Take Care of Your Partnership, Not Your Partner’s ADHD!
Spouses of adults with ADHD grow tired of repairing messes that their partners make. Examples of messes include forgetting special occasions, being late to events, interrupting others, being angry when others interrupt, blurting out what should be private, getting lost in solitary activity, neglecting priorities, losing track of time, misplacing important items, cluttering shared space, postponing tasks, driving too fast, drinking too much, talking too much, changing jobs too often, paying bills and taxes late. And perhaps the worst…ignoring one’s relationship partner.
You may be dealing with these or other messes if you are married to someone with ADHD. It is not easy. Adults with the disorder may ask their spouses to cut them some slack. After all, they can’t help how their brains are wired, and they’re not making messes on purpose…right? That may be correct, but it is unfair for the ADHD partner to start there. The first order of business is acceptance, which includes accepting that ADHD has an effect on others. Caring enough to listen respectfully to reasonable complaints is one way to live well with ADHD. If your partner doesn’t do that, he is not being a partner and will miss the benefits of skillful partnership.
Non-ADHD spouses who have had an excessive dose of “co-dependency” therapy often say something like this to me: “I’ve done my work; he needs to do his. I’m done with fixing the problems he creates.” Who wants the job of cleaning up a partner’s messes? Being an effective partner is something else, something that can’t be done alone. Resenting takes just one person. Denial takes only one person. Blaming takes only one, but it creates a blamer in response. Both partners lose in the blame game.
The solution is simple, but often uncomfortable. Years of feeling judged may contribute to the ADHD partner’s shame and defensiveness. I can be defensive when I feel shamed, and my defensive response takes my wife’s complaint off the table. My complaint supplants hers. For example, I might not like her tone when she tells me how my behavior has affected her. My mindless reactivity takes over when I fail to tolerate my hurt feelings with grace. If I get angry at her for being angry at me, or shut down to avoid uncomfortable feelings, we both lose.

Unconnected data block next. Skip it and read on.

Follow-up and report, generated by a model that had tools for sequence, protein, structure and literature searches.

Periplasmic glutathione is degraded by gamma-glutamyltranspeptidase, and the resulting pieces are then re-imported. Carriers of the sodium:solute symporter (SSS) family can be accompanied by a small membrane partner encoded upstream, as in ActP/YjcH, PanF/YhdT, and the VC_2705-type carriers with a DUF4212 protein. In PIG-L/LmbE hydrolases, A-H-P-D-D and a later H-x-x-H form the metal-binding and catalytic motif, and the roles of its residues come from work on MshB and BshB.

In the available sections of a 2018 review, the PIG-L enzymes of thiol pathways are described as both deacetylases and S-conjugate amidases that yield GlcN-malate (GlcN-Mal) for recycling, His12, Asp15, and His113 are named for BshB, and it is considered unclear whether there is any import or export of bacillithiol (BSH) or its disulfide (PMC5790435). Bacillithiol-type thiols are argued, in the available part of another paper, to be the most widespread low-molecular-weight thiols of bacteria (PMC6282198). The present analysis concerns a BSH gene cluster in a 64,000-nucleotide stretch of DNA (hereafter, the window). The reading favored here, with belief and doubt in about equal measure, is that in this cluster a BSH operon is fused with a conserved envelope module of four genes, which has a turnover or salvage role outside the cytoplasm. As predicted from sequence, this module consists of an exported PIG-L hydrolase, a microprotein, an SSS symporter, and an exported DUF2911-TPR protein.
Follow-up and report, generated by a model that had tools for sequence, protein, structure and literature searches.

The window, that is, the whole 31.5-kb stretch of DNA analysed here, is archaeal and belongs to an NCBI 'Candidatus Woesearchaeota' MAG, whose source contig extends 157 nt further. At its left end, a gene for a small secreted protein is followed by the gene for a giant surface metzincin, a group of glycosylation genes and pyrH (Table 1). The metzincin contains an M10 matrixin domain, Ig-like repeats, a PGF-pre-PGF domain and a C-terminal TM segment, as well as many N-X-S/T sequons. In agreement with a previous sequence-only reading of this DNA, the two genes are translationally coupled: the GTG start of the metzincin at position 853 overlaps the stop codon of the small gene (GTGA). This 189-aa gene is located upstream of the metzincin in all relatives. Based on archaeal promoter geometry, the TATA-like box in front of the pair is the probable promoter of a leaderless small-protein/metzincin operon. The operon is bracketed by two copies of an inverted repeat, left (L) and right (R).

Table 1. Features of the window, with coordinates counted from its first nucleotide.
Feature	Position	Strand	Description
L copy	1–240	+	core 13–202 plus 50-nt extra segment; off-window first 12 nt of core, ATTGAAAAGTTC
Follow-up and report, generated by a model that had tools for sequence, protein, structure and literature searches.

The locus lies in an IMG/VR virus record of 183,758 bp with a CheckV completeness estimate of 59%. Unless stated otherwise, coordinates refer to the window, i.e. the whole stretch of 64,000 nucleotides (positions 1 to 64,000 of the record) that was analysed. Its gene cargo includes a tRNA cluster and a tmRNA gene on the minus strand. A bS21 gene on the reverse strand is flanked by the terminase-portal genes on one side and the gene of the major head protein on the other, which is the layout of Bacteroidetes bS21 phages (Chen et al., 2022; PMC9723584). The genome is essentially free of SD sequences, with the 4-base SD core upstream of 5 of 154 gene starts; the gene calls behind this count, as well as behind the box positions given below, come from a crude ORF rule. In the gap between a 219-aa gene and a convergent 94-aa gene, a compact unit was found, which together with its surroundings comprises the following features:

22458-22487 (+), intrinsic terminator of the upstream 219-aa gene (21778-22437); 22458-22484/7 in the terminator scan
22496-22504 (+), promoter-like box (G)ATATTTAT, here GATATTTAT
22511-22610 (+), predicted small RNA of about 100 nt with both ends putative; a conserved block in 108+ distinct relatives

The non-ADHD spouse must differentiate between taking care her partner’s ADHD and taking care of herself in relation to it. The former is burdensome, the latter practical. My wife is the bill payer. To make sure we had adequate funds in our joint account. she once put a deposit slip on the seat of my car when it was my turn to make a deposit. She was not taking responsibility for my bad memory, but taking care of her needs. She once asked me what I could do to assure her I would be on time for an important meeting that evening. Her question prompted me to think of a strategy. She avoided assuming the burden of telling me what to do.
Partners in a business are mutually responsible for the success of the business. If either stops doing his job, the business fails. Successful partners put the partnership first, prioritizing it over individual desires, differences, and personal comfort. Partnership doubles the power of individuals in dealing with life’s challenges. Life situations don’t cause divorce; treating a partner as an enemy does. Blaming generates more problems and solves none.
If you get stuck in conflict, listen more and speak less. If your goal is to understand rather than be understood, your partner will reciprocate, and mutual understanding will result. When you remain respectfully engaged with your partner in a conflict, you will solve problems. When you react aggressively, or retreat to avoid uncomfortable feelings, you will create problems. If you don’t find solutions immediately, you can still maintain respectful dialogue and enhance your partnership. To “win” an argument is to create a loser in your partnership. That is not what competent partners do.